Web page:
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I am aiming to create a system which is based on pure domain driven design. As far as I am aware this means that my domain objects should have behaviour but not shape. That is, they should not have any getters or other accessors.

At the same time I am trying to follow TDD processes and have come across a stumbling block with a test I am trying to write.

public class new_purchase_order_should_have_purchase_ordernumber_of_1
     PurchaseOrder po = PurchaseOrder.CreatePurchaseOrder()

public class PurchaseOrder
       private int _purchaseOrderNumber;
       static CreatePurchaseOrder()
           _purchaseOrderNumber = SomeWayOfGettingAPONumber()
           //other initialisation

        public int PurchaseOrderNumber {get { return _purchaseOrderNumber;}

If getters are not allowed how do I verify that the CreatePurchaseOrder() methods functions correctly and sets a value of 1.

This is a big conceptual hurdle to me in trying to implement this design so any advice would be really useful.


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2 Answers 2

Why domain object can't have properties? Pure behavior you talk about, it is just static methods, they have nothing to do with Domain Objects.

The wikipedia tells us:

a business object usually does nothing itself but holds a set of instance variables or properties, also known as attributes, and associations with other business objects, weaving a map of objects representing the business relationships.

A domain model where business objects do not have behavior is called an Anemic Domain Model.

So, it turns, that domain object should have properties and (in most cases) behavior.

Martin Fowler says:

Domain Model - An object model of the domain that incorporates both behavior and data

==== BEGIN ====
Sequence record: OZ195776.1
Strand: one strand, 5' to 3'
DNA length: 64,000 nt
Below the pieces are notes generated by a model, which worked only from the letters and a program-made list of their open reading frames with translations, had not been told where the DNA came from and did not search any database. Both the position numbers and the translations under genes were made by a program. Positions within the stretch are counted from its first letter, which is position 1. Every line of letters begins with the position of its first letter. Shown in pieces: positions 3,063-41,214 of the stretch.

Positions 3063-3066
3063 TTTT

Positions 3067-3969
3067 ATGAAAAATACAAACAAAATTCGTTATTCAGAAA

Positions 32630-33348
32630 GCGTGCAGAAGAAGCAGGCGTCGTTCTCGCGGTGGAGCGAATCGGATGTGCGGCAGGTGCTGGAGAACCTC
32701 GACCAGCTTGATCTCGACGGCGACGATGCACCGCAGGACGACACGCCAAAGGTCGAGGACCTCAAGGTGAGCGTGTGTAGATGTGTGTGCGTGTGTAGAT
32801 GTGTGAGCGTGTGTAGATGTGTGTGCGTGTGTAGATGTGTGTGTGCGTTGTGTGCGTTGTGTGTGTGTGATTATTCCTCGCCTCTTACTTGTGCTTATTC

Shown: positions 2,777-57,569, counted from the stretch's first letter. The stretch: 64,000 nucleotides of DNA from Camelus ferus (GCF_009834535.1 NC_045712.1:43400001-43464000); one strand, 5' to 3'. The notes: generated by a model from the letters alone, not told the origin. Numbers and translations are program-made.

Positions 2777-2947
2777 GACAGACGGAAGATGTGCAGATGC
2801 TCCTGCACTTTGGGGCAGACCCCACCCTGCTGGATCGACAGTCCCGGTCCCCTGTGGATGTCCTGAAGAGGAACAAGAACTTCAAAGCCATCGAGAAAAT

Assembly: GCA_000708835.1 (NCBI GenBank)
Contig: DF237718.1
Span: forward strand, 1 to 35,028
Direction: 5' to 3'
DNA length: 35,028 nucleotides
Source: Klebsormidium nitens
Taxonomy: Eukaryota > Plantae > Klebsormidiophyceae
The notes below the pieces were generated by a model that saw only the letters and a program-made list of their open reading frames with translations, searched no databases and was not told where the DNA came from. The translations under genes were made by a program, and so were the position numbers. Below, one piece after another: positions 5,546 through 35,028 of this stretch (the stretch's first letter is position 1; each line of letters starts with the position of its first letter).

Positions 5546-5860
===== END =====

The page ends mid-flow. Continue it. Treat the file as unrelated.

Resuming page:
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I assume the point is that whilst the objects have state, they don't expose it: there isn't a getter for every field. That's a principle of good object-oriented design, for any kind of object. But it makes them harder to test. –  Tom Anderson Feb 13 '11 at 20:38
This "objects never expose state" thing is confusing and wrong. If no objects exposed any state then we'd have mute systems. Which removes any point in having them in the first place. The "no state" thing has unfortunately arisen from a chinese whispers-like misinterpretation. The principles of OO state (1) "separate interface from representation" and (2) "encapsulate data with behaviour". In other words: (1) don't expose the internal design of a class to its clients. That doesn't mean you're not allowed to expose a property. (2) don't build anaemic classes. –  sfinnie Feb 14 '11 at 13:52

One way to achieve this would be to follow CQRS ideas.

CQRS divides queries from behavior on architectural level (hence the name) and use domain model published events to expose state.

But it's quite hard to grasp and implement properly. Especially if You got no prior experience with domain driven design ideas in general.

Therefore - don't hesitate to expose state, just make sure it can be modified from object itself only.

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